Ellen Lauds Liberia-SL Approach to Ebola Fight

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President Ellen Johnson Sirleaf has hailed the level of cooperation between Liberia and Sierra Leone in fighting the outbreak of the Ebola virus that has hit the Mano River Union, leading to scores of death in Guinea, Liberia and Sierra Leone.

The Liberian leader made the statement Wednesday, July 2, when she received the letters of credence from the new Sierra Leonean Ambassador, Brima Acha Kamara.

About a week ago the Government of Sierra Leone declared that “keeping people suspected of Ebola was a crime,” and at the beginning of this week President Sirleaf threatened that anyone who kept a suspected patient home or in church for prayers would be prosecuted and punished if found guilty.

The President said she wants the two countries to continue sharing vital information on the fight against the deadly virus, noting that her government has taken several measures aimed at curtailing the outbreak, including the  setting up of testing and quarantine centers.

Recounting the historical ties between the two countries, President Sirleaf recalled the long years of friendship characterized by similarities in origin, culture, difficulties and progress.

With these commonalities there is nothing to stop Liberia and Sierra Leone from being sisterly neighboring countries.

She further informed the new Sierra Leonean Ambassador that she was impressed by the post-war development of the neighboring country, especially its economic policy to create a middle income country.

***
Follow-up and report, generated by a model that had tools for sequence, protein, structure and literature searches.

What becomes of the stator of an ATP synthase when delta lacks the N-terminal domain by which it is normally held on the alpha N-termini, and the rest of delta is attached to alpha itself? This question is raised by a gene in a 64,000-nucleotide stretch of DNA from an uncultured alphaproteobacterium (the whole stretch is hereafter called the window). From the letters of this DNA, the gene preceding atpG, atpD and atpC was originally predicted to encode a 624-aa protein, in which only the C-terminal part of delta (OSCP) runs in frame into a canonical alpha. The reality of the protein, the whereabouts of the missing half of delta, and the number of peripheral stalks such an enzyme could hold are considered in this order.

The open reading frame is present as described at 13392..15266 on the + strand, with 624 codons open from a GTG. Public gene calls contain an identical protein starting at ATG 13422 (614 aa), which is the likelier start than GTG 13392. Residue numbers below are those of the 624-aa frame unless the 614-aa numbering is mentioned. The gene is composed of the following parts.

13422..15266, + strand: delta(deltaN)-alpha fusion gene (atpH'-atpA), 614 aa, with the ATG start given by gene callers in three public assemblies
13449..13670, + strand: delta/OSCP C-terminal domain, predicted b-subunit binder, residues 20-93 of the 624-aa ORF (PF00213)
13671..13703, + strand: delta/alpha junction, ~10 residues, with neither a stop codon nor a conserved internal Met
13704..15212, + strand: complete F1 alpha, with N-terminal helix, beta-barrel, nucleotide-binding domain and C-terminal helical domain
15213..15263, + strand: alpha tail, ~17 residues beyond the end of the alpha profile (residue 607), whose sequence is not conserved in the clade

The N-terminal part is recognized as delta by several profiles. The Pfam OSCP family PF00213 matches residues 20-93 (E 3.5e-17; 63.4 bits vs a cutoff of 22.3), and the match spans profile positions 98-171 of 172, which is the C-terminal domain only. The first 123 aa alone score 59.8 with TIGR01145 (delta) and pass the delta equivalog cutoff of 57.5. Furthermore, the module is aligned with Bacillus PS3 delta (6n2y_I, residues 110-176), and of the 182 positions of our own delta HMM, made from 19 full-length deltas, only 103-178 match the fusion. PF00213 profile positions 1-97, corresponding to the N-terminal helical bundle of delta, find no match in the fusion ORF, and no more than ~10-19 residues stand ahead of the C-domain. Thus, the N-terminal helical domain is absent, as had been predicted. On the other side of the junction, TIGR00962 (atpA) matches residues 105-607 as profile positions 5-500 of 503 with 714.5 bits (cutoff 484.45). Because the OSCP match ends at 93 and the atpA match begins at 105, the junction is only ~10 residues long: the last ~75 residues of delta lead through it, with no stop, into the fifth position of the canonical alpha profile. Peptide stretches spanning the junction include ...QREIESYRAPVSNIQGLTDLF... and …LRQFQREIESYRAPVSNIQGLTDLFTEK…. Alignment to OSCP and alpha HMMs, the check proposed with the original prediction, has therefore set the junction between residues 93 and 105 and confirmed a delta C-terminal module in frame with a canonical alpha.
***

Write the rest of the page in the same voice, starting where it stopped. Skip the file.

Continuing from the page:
She described the idea as a successful post-war recovery and encouraged the Government to meet that goal.

On the sub-regional level, the Liberian leader recounted the high level of cooperation and support received from President Ernest Bai Koroma during her chairmanship of the Mano River Union, a position she recently turned over to Guinea following over four years in charge.

“Through his support,” President Sirleaf said, “the MRU countries were able to work together to engage in more development initiatives.”

For his part, the new Sierra Leonean Ambassador, Brima Acha Kamara, said he sees Liberia as a second home and promised to work to further enhance the friendly ties between the countries. Ambassador Kamara is a former Police Inspector- General of Sierra Leone.

Ambassador Kamara, who replaces Ambassador Marie Jilo Barnett, extended on behalf of his President, Ernest Bai Koroma, a renewed commitment to sub-regional cooperation in the interest of Liberians and Sierra Leoneans whom he termed as, “the common people.”

Ambassador Kamara said his country was particularly impressed with the level of treatment Liberia gave Sierra Leone refugees during the conflict in that country which,  according to him,  demonstrates good neighborliness subsisting  between the two countries. 

The new Sierra Leonean envoy praised President Sirleaf for her demonstrative leadership he says had further brought Liberia and Sierra Leone closer.

He renewed his country’s vow not ever to allow its territory to be used for generating conflict to affect its neighbors including Liberia.

His predecessor, Ambassador Jilo Barnett ended her tour of duty in Liberia early this year.

She was popularly known in the Liberian media as a member of the female ambassadors “Triangle” that included United States Ambassador, Deborah Malac and Nigerian Ambassador Chigozie Fidelia Obi-Nnadozie, due to their close friendship. They were often seen together almost on every occasion.

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